True comparative negligence laws allow a plaintiff to collect damages from the other party if the other driver is found liable for any part of the accident, even if it is only 1%. Other states establish a liability limit such that if the court decides the driver is at least 50% at fault, the individual is ineligible for compensation from the other driver.

Reasons for a Lawsuit After a Rear-End Collision

If you rely on insurance companies to compensate you for your injuries and damages, you are unlikely to receive enough to cover all your costs. Insurers tend to offer quick settlements. Not only do they want the claim closed, but they also want to lower their expenses. You may not even know the full extent of your injuries when they deliver the settlement offer.

Furthermore, the other driver’s insurance company may draw up a settlement that does not include important factors such as:

Accepting an offer too quickly can leave you holding the bill for a lot of expenses related to your accident. Additionally, the other driver’s insurer may attempt to deny liability, and your own insurance company may claim that you don’t have sufficient coverage.

If you live in a state that has comparative-negligence laws, you may be at risk of the other driver attempting to place half of the blame on you. They may claim that you slammed on your brakes without any reason or failed to signal before slowing down to make a turn. While much of the liability may still rest with the other driver, you may still end up paying a large portion of the expenses you incur from the accident.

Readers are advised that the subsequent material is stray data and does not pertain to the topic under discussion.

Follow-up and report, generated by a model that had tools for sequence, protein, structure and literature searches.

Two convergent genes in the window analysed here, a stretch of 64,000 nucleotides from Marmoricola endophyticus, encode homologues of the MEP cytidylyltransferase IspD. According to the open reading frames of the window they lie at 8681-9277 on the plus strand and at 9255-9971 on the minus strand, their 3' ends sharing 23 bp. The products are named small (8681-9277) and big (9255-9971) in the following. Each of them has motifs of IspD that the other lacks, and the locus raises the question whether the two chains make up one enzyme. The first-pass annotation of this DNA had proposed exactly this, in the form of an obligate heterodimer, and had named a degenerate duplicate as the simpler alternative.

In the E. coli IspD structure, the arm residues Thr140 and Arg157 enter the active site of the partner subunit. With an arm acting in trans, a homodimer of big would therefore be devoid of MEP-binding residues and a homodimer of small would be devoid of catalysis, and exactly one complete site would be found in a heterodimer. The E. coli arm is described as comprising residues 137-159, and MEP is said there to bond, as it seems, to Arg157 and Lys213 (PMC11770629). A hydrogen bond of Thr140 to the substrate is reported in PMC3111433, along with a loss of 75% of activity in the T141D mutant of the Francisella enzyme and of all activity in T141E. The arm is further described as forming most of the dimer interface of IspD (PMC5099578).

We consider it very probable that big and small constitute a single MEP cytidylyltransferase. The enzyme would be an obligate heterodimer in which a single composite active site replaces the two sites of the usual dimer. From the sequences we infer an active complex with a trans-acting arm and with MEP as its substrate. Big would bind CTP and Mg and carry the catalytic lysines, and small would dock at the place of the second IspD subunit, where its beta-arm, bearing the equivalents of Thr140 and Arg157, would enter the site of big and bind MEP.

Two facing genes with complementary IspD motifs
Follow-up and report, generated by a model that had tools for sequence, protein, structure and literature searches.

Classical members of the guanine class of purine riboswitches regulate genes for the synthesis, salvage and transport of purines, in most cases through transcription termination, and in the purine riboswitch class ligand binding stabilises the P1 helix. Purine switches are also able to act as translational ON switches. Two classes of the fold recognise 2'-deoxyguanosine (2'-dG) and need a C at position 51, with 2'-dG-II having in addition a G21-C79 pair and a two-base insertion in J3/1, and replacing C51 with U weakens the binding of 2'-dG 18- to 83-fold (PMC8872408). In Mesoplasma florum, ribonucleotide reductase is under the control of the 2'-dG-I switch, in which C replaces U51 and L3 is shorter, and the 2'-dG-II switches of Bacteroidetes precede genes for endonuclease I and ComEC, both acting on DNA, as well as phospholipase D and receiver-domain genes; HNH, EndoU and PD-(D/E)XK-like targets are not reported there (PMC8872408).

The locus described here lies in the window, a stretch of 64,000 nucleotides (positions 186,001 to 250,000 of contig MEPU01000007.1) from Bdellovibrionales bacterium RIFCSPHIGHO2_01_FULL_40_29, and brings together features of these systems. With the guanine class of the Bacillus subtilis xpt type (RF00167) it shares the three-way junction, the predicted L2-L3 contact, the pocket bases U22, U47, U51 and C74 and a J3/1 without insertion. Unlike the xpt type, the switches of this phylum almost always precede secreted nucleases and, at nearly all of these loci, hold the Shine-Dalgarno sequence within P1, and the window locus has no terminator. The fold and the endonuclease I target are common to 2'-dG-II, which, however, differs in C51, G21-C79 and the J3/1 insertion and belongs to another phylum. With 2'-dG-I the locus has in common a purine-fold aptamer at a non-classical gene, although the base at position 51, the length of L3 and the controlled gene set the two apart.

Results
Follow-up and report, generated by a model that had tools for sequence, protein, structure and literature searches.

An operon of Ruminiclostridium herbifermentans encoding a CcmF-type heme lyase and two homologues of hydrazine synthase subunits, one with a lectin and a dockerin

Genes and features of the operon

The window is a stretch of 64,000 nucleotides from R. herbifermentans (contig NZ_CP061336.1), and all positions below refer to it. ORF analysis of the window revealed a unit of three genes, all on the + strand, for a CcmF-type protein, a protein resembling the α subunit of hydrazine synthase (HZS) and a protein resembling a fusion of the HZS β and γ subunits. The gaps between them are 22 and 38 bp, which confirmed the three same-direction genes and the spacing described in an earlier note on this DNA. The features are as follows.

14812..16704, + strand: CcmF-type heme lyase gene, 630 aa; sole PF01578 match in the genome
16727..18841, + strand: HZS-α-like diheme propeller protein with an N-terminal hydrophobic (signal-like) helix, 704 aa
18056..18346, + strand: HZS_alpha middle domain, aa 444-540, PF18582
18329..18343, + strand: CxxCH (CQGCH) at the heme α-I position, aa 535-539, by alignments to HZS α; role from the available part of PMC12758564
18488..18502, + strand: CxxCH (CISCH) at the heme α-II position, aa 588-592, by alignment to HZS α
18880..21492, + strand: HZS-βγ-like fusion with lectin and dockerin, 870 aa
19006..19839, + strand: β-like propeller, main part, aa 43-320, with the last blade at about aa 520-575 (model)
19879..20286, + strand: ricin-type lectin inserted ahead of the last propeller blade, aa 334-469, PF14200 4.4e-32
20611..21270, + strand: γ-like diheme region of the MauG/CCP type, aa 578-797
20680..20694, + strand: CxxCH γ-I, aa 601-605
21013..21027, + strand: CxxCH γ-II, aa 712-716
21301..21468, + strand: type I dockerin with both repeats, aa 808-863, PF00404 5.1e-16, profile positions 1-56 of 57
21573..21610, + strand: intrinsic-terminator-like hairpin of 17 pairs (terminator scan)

Proof of Liability

Liability laws can be complicated, especially given that there is no consistency across states. If you’ve been rear-ended, you may want to consult with a personal injury lawyer before filing a claim. An attorney who knows liability and personal injury laws can help you understand the legal complexities so you can decide how to proceed.

After a car accident, if you are physically able, it’s a good idea to take photos and videos of the scene. Street and dash cams are other sources of video footage. An attorney knows how to gather this evidence, along with other important elements that support your claim with an insurance company or in the courts, including:

  • Testimony from witnesses at the scene and all those involved in the rear-end collision
  • The police report from the accident
  • Medical reports and testimony from your doctors and healthcare providers (including mental health professionals)
  • Expert testimony from other professionals who can offer additional insight and information